The smartphone revolution, as led by Apple (NSDQ: AAPL), has given us a whole new way to consume mobile content, in the form of apps. The problem, in the view of mobile operators, is that apps largely disaggregate operators in their business model. But operators are not giving up so fast: we’re seeing some new initiatives — NFC deployments, new API programmes, and even proposals to charge based on different kinds of content — that are giving us a glimpse of where operators are hoping to play in the next generation of mobile content.
— Orange/NFC: The France Telecom-owned European operator has made a significant commitment to NFC, in such a way that Orange hopes will keep it in the centre of transactions. It plans to deploy NFC-integrated SIM cards for all contract-based subscribers in its European footprint, starting in the second half of 2011.
Orange also says it is working with handset makers to make sure that more than half of the new smartphones it deploys on its network will be compatible with these SIMs. In France, where incumbent Orange is the largest operator and heavily influences how other operators shape their strategies, it is committing to equipping at least half a million of its customers with compatible handsets by the end of 2011.
These are significant steps for a mobile operator, and it seems to be more than a coincidence that they were announced in the same week that Google (NSDQ: GOOG) started to sell its own NFC-enabled Nexus S handsets (with the NFC not on the operator-controlled SIM card) in Europe. By putting the NFC onto the SIM cards, Orange hopes to play a bigger role in how customer information is managed.
— Telefonica/BlueVia: The Spain-based operator Telefonica (NYSE: TEF), which has extensive operations throughout Europe as O2 and Latin America, is launching a new open-API program to encourage developers to make apps for its own app store initiatives, which cover 80 million users across its operational footprint. This project is at least a year in the planning — O2 first told me about it last January.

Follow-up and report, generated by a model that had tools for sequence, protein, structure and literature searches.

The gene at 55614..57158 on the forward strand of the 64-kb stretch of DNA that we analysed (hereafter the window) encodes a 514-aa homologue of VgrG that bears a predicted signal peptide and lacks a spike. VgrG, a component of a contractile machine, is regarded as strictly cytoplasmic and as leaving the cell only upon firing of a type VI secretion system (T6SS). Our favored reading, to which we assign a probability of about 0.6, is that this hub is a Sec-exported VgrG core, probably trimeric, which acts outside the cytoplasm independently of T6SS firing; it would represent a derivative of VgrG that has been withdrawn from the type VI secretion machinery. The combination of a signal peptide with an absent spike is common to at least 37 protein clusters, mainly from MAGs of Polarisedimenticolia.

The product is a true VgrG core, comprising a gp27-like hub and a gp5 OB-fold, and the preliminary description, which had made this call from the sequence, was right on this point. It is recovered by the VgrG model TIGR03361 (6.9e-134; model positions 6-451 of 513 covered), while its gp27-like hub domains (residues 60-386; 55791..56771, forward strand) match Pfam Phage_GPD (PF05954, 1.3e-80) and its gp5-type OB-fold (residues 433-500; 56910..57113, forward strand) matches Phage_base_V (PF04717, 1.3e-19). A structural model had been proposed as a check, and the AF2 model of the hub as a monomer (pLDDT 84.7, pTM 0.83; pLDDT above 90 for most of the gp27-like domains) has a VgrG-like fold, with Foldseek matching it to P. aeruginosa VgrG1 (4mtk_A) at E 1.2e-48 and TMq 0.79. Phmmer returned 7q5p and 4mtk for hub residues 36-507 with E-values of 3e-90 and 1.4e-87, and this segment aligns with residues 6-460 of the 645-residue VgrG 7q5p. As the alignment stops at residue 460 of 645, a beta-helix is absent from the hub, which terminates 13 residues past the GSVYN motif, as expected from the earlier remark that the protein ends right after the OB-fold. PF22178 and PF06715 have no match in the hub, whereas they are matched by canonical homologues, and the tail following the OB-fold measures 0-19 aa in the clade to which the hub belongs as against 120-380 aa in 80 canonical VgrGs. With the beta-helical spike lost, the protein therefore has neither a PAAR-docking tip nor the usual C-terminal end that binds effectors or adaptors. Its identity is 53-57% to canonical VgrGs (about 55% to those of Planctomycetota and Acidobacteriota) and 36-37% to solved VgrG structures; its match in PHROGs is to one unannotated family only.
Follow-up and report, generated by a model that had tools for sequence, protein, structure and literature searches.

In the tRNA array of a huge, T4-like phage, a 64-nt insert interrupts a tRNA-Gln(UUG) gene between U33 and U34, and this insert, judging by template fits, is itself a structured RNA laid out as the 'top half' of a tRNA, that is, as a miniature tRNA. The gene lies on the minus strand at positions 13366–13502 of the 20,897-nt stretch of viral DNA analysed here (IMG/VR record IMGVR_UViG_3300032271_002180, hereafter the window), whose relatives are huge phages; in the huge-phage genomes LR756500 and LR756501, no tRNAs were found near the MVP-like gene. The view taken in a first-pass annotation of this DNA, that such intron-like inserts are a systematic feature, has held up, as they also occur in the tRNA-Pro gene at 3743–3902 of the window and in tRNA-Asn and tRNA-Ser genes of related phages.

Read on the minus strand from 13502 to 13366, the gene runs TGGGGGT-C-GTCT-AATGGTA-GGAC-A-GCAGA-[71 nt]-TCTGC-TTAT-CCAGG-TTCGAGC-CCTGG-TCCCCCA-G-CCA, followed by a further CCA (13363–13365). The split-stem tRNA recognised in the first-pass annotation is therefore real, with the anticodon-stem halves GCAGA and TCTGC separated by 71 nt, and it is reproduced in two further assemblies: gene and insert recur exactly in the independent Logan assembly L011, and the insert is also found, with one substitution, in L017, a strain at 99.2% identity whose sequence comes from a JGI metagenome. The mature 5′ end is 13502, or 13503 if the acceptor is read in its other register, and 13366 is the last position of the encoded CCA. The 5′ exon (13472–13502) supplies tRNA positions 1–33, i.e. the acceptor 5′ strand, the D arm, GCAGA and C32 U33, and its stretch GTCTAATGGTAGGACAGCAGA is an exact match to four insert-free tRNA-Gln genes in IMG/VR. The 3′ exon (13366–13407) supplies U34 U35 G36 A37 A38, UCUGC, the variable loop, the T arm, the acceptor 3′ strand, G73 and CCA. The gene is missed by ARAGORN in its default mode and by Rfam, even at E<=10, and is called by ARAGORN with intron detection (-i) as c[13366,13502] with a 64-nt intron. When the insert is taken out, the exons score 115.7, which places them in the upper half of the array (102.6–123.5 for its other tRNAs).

What’s so special about BlueVia? It’s one of the first examples of an operator opening up the inner parts of its network to developers for them to interconnect better with their billing and subscriber systems. This is potentially a big thing, giving apps a lot more functionality and ability to target users better, and it of course means Telefonica gets a revenue share on the services. According to the operator’s presentation, this will be anything from 50 percent for mobile ads to the standard 30 percent for apps.
But Telefonica may have lost a lot of time in getting it established, as Android has flooded the apps market and became the most likely competitor to Apple’s App Store. A spokesperson told me today that the delay in launching was because Telefonica “wanted to get it right,” but in the battle to get developers to create services for app stores, Telefonica may be joining the end of a very long line.
— Charging for apps: In the latest chapter of this ongoing debate, operators are starting to look more closely at how they could charge for specific services that are running on their networks, such as the data-intensive YouTube service, or the hugely popular Facebook. Engadget and Wired both picked up on a Webinar from Fierce Wireless that covered this topic, put on by Allot and Openet, traffic and subscriber management companies that count Verizon, AT&T (NYSE: T) and Vodafone (NYSE: VOD) among their customers.
Coincidentally, tomorrow the FCC is due to decide on how it will look upon the idea of net neutrality in wireless networks. So far, it has said that while it supports net neutrality in fixed broadband, for now it believes that operators will be able to meter different kinds of mobile content in different ways, which opens the door to operators putting apps-based charging models into place.